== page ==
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Looking for a Sure Thing? Jayson Werth is Outta Here

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It’s hard to believe that more than a week has passed since the Phillies’Jayson Werth Photo: Matt Slocum/Associated Press plans for a baseball dynasty were so rudely interrupted by the San Francisco Giants.

The week that follows a baseball team’s playoff elimination is usually pretty uneventful. There are the end-of-season interviews with the members of the organization who are willing to talk about the still-stinging welt suffered during the NLCS. Then, there are the formalities whereby some bit players from the team’s roster are set free to seek a new employer. Finally, there are the postseason surgery updates  that we read simply because we are not ready to quit Phillies season cold turkey.

But, one topic that will keep the Phillies from falling into complete offseason anonymity is the free agency sweepstakes that will determine where Jayson Werth calls home in 2010.

In the past week, Werth and Phillies G.M. Ruben Amaro  have said a few things, some expected, some not. Werth expressed his love for playing in Philly and being a member of one of the most tight-knight clubhouses in baseball. None of those sentiments came as any surprise. Meanwhile, Amaro tossed a bit of a curveball by saying that the team has the financial ability to bring Werth back, provided Werth’s demands were reasonable.

Interestingly enough, Amaro followed his statement by mentioning that Werth had a good 2010 season, but not a franchise-type year. It was almost as if he was dropping a hint to Philly fans or Werth’s agent Scott Boras regarding his approach to any impending negotiations.

The consensus among fans and analysts regarding the situation is that Werth’s departure would rob the Phillies of one of the best right-handed bats in baseball, not to mention a talented and versatile fielder. His possible replacement, Domonic Brown, who was a highly anticipated late-season call-up is suddenly viewed as a talented youngster who needs more seasoning before being counted on to contribute for a World Series favorite.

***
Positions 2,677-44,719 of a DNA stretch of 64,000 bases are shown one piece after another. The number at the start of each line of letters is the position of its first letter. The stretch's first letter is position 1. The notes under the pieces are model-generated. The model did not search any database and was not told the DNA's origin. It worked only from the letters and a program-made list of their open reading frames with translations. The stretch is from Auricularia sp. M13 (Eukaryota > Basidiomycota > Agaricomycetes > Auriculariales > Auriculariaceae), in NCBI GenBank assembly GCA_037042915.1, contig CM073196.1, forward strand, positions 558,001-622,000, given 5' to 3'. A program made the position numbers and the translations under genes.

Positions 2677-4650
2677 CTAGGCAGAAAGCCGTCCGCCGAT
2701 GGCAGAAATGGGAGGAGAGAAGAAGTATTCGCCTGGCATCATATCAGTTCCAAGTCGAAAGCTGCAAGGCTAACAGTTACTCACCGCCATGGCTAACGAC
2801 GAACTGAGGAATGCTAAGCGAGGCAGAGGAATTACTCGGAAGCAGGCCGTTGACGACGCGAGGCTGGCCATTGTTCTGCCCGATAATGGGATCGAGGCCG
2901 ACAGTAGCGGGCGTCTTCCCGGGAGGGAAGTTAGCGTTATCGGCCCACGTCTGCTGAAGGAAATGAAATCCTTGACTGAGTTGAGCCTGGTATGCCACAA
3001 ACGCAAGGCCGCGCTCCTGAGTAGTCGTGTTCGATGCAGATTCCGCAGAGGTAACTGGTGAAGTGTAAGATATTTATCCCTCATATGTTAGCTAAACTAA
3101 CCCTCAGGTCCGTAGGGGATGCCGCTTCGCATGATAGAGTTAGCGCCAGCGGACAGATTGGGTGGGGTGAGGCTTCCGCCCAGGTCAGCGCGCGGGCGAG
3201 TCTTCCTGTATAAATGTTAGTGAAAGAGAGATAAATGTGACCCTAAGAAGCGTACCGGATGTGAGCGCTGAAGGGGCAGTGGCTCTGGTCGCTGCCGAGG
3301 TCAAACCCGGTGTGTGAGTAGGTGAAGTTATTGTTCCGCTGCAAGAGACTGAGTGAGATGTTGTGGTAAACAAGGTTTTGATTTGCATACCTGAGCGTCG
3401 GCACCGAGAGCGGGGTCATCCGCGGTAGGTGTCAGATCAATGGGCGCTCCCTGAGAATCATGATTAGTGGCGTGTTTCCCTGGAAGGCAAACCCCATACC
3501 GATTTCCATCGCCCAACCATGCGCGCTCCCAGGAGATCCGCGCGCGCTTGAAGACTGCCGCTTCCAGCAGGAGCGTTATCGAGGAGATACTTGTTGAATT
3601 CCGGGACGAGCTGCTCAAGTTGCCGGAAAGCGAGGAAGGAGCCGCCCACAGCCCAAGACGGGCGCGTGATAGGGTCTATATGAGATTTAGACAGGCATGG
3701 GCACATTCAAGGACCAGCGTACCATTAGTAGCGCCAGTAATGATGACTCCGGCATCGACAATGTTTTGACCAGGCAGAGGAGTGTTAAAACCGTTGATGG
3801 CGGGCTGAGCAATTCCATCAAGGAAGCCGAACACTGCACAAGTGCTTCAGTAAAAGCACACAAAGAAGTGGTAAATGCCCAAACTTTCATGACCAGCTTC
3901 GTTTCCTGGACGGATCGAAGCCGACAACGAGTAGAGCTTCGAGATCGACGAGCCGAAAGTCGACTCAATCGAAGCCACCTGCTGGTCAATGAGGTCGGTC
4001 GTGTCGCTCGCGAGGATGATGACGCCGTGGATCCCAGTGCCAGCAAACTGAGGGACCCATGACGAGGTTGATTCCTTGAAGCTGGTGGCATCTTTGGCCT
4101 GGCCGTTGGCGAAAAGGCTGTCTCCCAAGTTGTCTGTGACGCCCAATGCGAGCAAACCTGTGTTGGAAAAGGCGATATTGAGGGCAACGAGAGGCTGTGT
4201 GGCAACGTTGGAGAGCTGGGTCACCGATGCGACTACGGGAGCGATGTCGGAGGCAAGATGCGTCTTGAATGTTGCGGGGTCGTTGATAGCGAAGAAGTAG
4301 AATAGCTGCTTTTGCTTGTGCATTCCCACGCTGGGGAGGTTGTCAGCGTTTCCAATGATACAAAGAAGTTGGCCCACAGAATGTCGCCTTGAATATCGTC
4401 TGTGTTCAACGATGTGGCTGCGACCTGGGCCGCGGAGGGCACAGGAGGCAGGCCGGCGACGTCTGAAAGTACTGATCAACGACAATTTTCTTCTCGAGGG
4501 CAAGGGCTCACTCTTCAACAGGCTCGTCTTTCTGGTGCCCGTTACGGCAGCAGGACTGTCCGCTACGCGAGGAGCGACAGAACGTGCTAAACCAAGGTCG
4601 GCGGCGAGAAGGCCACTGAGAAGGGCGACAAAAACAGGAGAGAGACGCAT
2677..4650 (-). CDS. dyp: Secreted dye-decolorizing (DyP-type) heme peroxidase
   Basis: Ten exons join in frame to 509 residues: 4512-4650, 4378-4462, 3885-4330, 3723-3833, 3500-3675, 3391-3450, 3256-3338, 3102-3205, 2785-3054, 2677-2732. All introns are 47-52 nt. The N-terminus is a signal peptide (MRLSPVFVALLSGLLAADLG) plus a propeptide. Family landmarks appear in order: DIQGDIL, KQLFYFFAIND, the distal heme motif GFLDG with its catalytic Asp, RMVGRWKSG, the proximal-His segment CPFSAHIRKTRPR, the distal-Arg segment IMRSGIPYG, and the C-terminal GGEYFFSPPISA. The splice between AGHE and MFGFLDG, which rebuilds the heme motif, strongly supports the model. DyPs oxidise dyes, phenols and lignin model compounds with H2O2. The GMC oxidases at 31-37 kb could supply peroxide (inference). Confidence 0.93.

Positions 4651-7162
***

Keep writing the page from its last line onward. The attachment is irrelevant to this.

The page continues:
In a recognition of Brown’s inexperience, Amaro has made it clear that the 22-year-old will not be handed any starting job in the Phillies’ outfield. And in one of lightest moments of the past week, Amaro even cracked a joke to assure everyone that his lineup is not going to be blown up while so many championship pieces are still in place.

Amaro’s comments about the Phillies’ financial resources and World Series aspirations could be seen as an indication that the front office will make a serious attempt to keep Werth in right field via a lucrative contract extension. Unfortunately,there are a number of factors that are making it increasingly clear that Jayson Werth will never again take the field as a member of the home team at Citizen’s Bank Park.

1. Ruben Amaro has concerns over the Phillies’ aging roster

The average age of the 2010 Phillies was a major-league-highest 31.9 years. Amaro spoke publicly about his concerns over this aging roster, saying, “I think we have to deal with our age because we are starting to move into and past the prime ages of production.” He spoke of the need to filter some youth into the club while still attempting to contend for a title.

Perhaps more important than Amaro’s words about the need to infuse youth into the franchise are his recent actions. After dealing away ten of the organization’s top young players in the past 15 months, he has demonstrated an interest in restocking the young talent in the organization. Unfortunately, the now infamous Seattle Slew (of Busts) that he acquired from the Mariners in the Cliff Lee trade don’t seem like the future stars Amaro had in mind when he made the deal.